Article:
Theory Time, Housing Market Edition

I’ve been writing slightly more lately. This blog will continue to have small posts, mostly just thinking out loud.

More structured writings may be over at medium. My profile here.

Theory Time, Housing Market Edition?

(this isn’t the first)

Growth in home values is practically the entire source of increased r in Piketty’s r > g.

It is therefore more or less true that “home ownership is the greatest builder of personal wealth”, and if you turn off your brain there it might sound like a good thing. It can be very true and still be at the expense of everybody else in society. Home owners “feel” rich because they are sitting on expensive assets, but they’d have to sell it to buy another one, and look what happens when their assets suddenly turn to worthless (See: Flint Michigan).
These numbers are made up, just to illustrate:

Imagine saving up money to buy a home for 50K and seeing it appreciate to 200K. Yay you’ve made quite the paper profit. Or not, because when you sell it, to buy any comparable house will also cost 200K, so it’s a wash. Unless you live in Flint, then your house went from 50K to 200K and then to 0K, time to start over. And when you start over the next house you buy still costs 200K. Maybe you’re not so happy now that home prices appreciated after all, you’d be better off if the houses still all cost 50K. Saving up this time won’t be as easy!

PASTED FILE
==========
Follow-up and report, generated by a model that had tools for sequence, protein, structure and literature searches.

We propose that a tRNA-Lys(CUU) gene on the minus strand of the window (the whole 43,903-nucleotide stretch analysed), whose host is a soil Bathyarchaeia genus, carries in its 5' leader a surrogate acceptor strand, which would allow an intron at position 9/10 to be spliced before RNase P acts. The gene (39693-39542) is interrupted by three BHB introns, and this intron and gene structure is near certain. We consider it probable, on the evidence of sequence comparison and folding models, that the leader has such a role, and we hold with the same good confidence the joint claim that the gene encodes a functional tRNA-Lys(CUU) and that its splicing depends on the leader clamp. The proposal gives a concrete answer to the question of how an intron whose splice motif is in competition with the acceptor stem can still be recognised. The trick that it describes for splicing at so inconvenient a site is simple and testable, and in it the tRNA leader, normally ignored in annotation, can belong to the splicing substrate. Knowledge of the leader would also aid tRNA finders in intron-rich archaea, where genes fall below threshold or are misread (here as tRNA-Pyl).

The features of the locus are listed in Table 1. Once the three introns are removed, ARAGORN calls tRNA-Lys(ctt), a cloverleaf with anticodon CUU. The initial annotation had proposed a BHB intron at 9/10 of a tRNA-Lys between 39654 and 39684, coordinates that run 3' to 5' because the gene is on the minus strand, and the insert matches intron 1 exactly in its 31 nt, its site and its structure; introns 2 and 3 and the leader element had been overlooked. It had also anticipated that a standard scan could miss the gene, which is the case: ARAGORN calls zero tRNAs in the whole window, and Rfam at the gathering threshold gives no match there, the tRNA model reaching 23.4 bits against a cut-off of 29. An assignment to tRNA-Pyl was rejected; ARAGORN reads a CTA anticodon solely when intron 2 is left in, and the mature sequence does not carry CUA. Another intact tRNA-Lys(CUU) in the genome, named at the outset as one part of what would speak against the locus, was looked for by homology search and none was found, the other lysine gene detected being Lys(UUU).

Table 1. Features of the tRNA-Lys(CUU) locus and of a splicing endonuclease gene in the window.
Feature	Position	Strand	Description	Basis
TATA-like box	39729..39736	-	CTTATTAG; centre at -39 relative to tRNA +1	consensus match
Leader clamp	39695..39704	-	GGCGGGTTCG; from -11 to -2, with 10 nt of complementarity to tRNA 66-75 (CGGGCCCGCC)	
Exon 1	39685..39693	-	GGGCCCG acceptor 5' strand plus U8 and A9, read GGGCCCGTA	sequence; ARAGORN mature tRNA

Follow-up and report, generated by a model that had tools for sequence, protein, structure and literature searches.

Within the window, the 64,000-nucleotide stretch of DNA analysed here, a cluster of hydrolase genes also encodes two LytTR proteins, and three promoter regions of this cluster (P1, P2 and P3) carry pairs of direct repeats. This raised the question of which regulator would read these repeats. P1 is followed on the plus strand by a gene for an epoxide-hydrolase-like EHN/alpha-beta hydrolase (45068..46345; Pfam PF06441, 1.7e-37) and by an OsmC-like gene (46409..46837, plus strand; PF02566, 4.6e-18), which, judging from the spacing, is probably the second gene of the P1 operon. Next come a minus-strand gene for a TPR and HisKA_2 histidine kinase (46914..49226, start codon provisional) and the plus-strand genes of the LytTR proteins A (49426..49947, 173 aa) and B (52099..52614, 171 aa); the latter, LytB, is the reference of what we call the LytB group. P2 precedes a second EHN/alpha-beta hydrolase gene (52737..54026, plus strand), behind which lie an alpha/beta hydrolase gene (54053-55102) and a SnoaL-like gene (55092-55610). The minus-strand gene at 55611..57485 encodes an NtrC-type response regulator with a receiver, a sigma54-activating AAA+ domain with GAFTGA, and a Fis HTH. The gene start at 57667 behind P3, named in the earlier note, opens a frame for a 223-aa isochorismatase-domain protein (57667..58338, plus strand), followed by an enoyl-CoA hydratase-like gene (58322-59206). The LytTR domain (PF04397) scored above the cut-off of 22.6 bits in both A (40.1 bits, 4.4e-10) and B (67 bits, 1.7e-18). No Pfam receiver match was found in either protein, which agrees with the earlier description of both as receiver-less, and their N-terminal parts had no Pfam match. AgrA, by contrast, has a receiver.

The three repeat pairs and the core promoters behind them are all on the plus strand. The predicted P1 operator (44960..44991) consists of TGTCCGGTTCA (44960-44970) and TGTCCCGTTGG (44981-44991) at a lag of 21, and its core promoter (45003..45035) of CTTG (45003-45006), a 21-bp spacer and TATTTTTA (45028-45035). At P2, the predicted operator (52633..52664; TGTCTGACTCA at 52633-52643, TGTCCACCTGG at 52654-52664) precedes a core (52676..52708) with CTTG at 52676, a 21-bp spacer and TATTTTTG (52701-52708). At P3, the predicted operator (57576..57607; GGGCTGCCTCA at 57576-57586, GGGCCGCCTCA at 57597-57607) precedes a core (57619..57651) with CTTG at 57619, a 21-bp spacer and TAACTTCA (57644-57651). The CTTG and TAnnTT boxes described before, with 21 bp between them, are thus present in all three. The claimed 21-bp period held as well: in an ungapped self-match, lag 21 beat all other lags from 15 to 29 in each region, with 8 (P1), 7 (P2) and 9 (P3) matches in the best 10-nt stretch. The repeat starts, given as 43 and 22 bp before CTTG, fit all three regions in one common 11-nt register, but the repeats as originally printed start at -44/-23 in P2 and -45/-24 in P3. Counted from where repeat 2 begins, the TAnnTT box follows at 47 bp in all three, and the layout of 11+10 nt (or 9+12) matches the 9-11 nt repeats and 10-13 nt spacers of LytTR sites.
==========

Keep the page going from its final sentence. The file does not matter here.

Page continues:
The people in Flint are actively harmed, because mobility across the US is limited as long as your personal worth is tied to the fate of your house.
The people in Flint also serve as a good proxy for almost all young people. Millenials & younger had no assets to appreciate all the while, so the first house they want to buy costs 200K, instead of 50K, so they never buy one.

In other words, “home ownership is the greatest builder of personal wealth”, of one generation at the expense of the next. Inflating the value of these assets helps the early-comers and people who never have any disaster strike, but its at the expense of late-comers, people who “lose” their house to disaster or circumstance, etc.

Maybe there was a better alternative to subsidizing home ownership.
These are not personal gripes, just observations. The subsidized home ownership rules will probably benefit me a lot, but I’d gladly vote against my own interests here for the interests of my generation. (One of the reasons I hate when people say “why do they vote against their own interests?” aren’t there a million reasons?)